- Once you are happy with the combination of text and music, share it with the other artists, to allow them to form their own associations with it. If you are working in a group, find ways to incorporate the other perspectives or ideas so that the work becomes a collective effort. In our case, this meant integrating all the participants’ voices into the soundtrack, and adjusting the musical composition to fit the choreography for our performance. You can check out the final version of the song here, and see the corresponding scene here.
To learn more about the creative process of producing this piece of music, and hear directly from Lili and Caroline, check out our little vignette (primarily in French) here.
Quotes (translated from French):
“When I wrote the poem, it was with the idea of physically transcribing the impermanence of my life with Parkinson’s disease. Every movement, every thing that I would do took on a new importance, recognizing that where I would be in the next moment was unpredictable.” — Lili Saint Laurent
“My first proposition to Lili was a melodic song — with piano, voice, verses and a chorus […] I sent it to her, and she said: ‘Listen, your song is very lovely, but it doesn’t correspond to what I feel and how I live in my body.’ ” — Caroline Barbier de Reulle
“This poem kept coming back to me, because it illustrated the theme of the project so well. So at the end of a Zoom session, I asked: ‘could I read something to you?’ For me, it was just a little offering… but it touched everyone so deeply, and kept coming up in discussions afterwards, so it ended up being a narrative thread for the performance.” — Lili Saint Laurent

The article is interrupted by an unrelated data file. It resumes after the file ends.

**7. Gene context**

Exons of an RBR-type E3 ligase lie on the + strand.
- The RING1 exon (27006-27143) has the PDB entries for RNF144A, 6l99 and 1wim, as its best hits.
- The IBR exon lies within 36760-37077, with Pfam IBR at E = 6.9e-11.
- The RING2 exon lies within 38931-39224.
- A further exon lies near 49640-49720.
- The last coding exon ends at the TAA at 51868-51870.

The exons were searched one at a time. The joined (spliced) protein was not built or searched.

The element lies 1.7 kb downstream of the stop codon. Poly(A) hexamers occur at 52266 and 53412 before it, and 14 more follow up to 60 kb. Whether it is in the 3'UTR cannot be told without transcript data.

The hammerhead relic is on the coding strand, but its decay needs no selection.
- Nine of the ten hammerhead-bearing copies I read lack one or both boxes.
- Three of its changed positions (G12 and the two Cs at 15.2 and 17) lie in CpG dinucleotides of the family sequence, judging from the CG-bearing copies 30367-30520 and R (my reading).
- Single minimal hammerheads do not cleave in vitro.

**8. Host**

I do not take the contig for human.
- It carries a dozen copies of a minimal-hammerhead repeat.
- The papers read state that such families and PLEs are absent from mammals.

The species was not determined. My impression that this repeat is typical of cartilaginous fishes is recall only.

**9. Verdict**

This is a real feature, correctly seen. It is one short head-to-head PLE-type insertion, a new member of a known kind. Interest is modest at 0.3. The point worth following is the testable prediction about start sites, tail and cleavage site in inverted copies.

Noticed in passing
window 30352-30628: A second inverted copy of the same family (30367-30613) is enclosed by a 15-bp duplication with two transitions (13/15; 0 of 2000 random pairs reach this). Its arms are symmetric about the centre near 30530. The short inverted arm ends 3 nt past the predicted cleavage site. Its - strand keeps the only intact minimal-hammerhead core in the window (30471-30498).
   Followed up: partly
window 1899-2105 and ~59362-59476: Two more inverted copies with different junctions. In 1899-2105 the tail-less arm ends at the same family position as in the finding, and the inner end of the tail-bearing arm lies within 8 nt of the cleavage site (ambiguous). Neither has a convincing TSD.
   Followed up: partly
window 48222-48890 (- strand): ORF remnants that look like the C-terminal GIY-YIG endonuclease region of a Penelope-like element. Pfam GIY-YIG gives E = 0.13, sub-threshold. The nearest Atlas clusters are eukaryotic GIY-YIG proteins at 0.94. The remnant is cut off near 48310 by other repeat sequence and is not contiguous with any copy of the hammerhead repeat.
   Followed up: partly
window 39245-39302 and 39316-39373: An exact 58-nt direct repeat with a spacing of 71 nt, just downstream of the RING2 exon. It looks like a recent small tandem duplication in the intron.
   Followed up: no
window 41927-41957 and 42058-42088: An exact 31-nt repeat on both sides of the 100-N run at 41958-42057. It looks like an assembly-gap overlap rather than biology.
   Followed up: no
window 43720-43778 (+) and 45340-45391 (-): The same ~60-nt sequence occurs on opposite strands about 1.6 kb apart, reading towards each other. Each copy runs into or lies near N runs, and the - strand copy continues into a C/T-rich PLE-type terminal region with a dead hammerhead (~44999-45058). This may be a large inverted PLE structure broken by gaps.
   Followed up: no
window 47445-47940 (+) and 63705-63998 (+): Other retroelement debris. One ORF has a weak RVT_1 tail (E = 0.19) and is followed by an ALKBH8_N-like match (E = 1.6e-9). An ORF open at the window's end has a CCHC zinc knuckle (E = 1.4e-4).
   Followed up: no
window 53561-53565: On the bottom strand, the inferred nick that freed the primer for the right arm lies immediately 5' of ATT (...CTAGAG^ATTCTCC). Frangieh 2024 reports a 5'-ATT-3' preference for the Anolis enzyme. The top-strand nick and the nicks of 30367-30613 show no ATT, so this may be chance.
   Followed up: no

“[…] What could correspond best to what Lili explained to me regarding how she feels? So then I thought about the violin — the idea that “the wire” can also be a string, a chord — and I wanted to use the violin in a chaotic and noisy way, to represent the multitude of emotions in the poem…” — Caroline Barbier de Reulle
Piece of Mind
Piece of Mind uses the performing arts to synthesize and translate knowledge about Parkinson’s disease (PD) and dementia. Our participatory research-creation project brings together artists (circus performers, dancers, musicians, visual artists), researchers, individuals living with PD or dementia, and caregivers to co-create artistic works based on scientific research and lived experience. The overall goals are to:
- facilitate knowledge creation and exchange between the seemingly disparate communities participating in the creative process and
- create performances that can engage a wide audience on both an emotional and intellectual level, and spark meaningful conversations around PD and dementia.
We use an emergent and iterative process to identify the key themes and messages to communicate in our performances, and to ensure that multiple perspectives are incorporated along the way. Our research process has included numerous virtual workshops, facilitated discussions, and movement/music sessions to build relationships and explore both scientific and lived experience knowledge through creativity and embodiment. You can see other examples from our project here:Read More +